Well folks, it’s been…a week.
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News and Useful Links
With the closure of Romantic Times last year, the RITAs are the biggest game in town for romance awards. The nice thing about the RT awards was that they were nomination-based, by people who did not have to enter in order to judge. So any book could be nominated. The RITAs, instead, are self-nominations—meaning an author has to enter their book (meaning they have to be a paid member of RWA and then pay to enter each book). If an author isn’t a member of RWA, it’s pretty cost-prohibitive to enter…not that being a member isn’t already expensive.
So yeah, there’s that. But after last year’s conversation about racism in the RITAs, many authors of color made the decision to double down. Some decided to rejoin RWA—a community they’d had problems with in the past—just to enter their books.
And then, the authors peer-review books outside of their writing category. Which you’d think wouldn’t be a problem.
But apparently, there is a racism problem. And a homophobia problem. It’s prolific, and here’s the data.
So when the RITA finalists were announced on Thursday morning, and there was a decided lack of expected names in the list, a new conversation needed to happen.
(PS – I wrote this article for the main BR site on Thursday night and made some changes on Friday evening…and then the weekend happened and Shit Went Down. There are calls to halt the RITAs until they can clean house, but I don’t know what might actually be happening.)
In happier news, Talia Hibbert has had two cover announcements:
- Her first traditionally published Avon book, Get A Life, Chloe Brown, has AN AMAZING COVER I CAN’T WAIT TO OWN THIS IN PRINT
- Speaking of books I can’t wait to own in print, she posted this blog post about the new covers for A Girl Like Her, Damaged Goods, and Untouchable. They’re so amazing, y’all, I might finally break down.
Forever finally heard that whole thing about representation, and have a contest going on to get a lot of submissions at once. (And Rebekah Weatherspoon recommended submitting to them through normal channels, too, if you’re an #ownvoices author.)
And ironically, just a few days before the RITA announcements, Jasmine Guillory wrote about why representation matters.
And this list went up on Bookish, recommended by other authors.
And for a last dose of silly, check out #romcar. You won’t regret it.
Speaking of RITA finalists, M. Malone’s Bad Blood is 2.99. You all know how I feel about books where the hero has reservations about the heroine because “BFF’s younger sibling” and The Patriarchy, but this sounds like a pretty delightful book. (Did I mention I haven’t read most of the RITA finalists?)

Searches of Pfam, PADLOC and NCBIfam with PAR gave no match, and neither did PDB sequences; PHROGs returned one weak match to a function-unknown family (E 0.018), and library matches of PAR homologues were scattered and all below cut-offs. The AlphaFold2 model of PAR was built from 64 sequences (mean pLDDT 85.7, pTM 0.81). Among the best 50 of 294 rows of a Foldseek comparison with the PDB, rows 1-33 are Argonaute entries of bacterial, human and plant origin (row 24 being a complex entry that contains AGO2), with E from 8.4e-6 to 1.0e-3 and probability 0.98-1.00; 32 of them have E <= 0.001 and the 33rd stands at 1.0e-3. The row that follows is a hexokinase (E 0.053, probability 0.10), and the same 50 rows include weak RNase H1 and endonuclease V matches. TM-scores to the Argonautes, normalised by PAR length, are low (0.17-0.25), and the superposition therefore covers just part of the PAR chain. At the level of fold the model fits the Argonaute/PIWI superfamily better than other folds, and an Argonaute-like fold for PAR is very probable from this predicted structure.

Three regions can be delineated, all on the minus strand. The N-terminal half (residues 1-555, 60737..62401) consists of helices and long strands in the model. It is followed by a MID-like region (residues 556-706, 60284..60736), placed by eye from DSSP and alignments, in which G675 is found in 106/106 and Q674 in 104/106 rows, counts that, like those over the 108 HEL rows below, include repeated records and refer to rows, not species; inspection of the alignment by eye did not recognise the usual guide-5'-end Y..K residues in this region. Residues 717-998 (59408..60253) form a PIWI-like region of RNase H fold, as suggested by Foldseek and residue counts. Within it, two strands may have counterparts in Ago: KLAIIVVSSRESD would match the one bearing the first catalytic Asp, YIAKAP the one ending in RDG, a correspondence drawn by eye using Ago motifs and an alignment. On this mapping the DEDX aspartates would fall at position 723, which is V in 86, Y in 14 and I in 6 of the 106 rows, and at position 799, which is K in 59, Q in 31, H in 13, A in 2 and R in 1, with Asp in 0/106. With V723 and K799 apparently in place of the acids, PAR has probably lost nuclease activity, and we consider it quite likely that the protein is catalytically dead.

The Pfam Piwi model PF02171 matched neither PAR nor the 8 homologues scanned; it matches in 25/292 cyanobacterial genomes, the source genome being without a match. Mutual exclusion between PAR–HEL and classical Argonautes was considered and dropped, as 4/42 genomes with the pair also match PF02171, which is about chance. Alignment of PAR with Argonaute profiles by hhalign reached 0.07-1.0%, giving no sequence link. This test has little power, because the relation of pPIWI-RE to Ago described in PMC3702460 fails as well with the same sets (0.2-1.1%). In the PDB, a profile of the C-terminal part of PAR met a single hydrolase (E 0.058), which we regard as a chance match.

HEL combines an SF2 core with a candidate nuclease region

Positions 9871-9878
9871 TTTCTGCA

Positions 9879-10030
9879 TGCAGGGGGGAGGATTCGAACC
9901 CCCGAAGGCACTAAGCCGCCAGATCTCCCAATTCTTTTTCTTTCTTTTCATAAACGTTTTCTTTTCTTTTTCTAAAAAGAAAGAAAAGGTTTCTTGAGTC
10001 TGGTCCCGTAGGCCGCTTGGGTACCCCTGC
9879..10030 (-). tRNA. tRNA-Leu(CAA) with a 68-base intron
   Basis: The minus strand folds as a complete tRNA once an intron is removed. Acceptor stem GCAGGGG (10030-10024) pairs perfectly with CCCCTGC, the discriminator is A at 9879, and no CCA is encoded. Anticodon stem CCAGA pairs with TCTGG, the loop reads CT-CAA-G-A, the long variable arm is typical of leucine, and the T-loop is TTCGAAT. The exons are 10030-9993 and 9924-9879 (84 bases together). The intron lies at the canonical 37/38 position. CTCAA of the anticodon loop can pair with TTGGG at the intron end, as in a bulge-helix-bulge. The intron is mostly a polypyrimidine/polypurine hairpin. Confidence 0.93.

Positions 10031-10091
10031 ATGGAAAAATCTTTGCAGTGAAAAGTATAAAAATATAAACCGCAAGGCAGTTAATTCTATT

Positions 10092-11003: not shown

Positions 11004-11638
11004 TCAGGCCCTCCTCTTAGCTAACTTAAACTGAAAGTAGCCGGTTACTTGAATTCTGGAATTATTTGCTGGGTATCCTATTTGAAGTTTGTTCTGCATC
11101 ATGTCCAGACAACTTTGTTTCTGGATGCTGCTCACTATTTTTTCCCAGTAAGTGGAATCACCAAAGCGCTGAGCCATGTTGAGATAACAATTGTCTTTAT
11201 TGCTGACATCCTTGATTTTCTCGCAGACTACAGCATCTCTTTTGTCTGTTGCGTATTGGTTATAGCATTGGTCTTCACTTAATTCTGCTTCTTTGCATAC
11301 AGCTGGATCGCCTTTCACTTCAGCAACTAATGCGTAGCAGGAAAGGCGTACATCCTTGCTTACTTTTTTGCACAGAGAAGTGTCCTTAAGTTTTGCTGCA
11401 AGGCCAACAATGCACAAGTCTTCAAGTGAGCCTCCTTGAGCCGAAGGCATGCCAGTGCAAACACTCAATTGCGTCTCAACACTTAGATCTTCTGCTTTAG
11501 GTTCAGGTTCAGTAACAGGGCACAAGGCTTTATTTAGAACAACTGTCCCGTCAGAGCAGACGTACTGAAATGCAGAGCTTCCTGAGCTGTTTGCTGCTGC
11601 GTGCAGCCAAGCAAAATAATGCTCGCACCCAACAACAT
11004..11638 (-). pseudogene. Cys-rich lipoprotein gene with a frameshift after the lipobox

If you’re interested in checking out another RITA finalist, Three-Way Split by Elia Winters is 3.99. If you couldn’t tell from the title, it’s a romance featuring a polyamorous relationship and an owner of an adult novelty store. Sounds good, right? I’m all for it.
A Chat With Catherine Bybee
It’s the last Monday of the month which means an author profile! Thanks to Catherine Bybee for chatting! If you haven’t checked out her books, she’s got plenty available to try, including the First Wives series, the fourth of which, Faking Forever, is out now.
What was the first romance you ever read?
Oh, this one is hard since I devoured novels like I did Oreos as a kid. Historical romance was my first love in romance. Kathleen Woodwiss holds a special place in my heart. Shirlee Busbee took a close second with Gypsy Lady being a novel I will forever remember. Rebecca Brandywine with the back cover and the author herself posing with floor-length hair draped over a chase. sigh
What’s the most surprising thing you’ve learned from a romance novel?
Monogamy. Sounds like a strange thing to learn from a novel. My mother was past her third marriage by the time I discovered romance novels. There was a revolving door of men in my childhood home. No Mother of the Year award there. So I turned to novels for solid advice on what to look for in a relationship. Some say that turning to a novel to find what one should look for in a significant other is unrealistic. I say that “those people” have set the bar too low.
Who has been your favorite character to write?
Oh, now come on… that’s like asking who my favorite child is. I will take a stab at this and say the bad guys. I really enjoy getting deep in the head of the antagonists in my edgier books. They play by no rules and I can make them as awful as the human race can get.
What, besides reading, has had the biggest influence or made the most impact on how you write?
My life. The rollercoaster of the first nineteen years of my life has given me a lot of fuel to feed off of. My long, yet failed marriage, and my two beautiful sons have given me a myriad of material. Now that I’m fifty and single and experiencing the height of my career with all the blessings that come with it, I feel like I will be writing inspiring books for the next thirty years.
Thanks, Catherine, for sharing with us! Check out Faking Forever, now on sale!
What are you reading this week?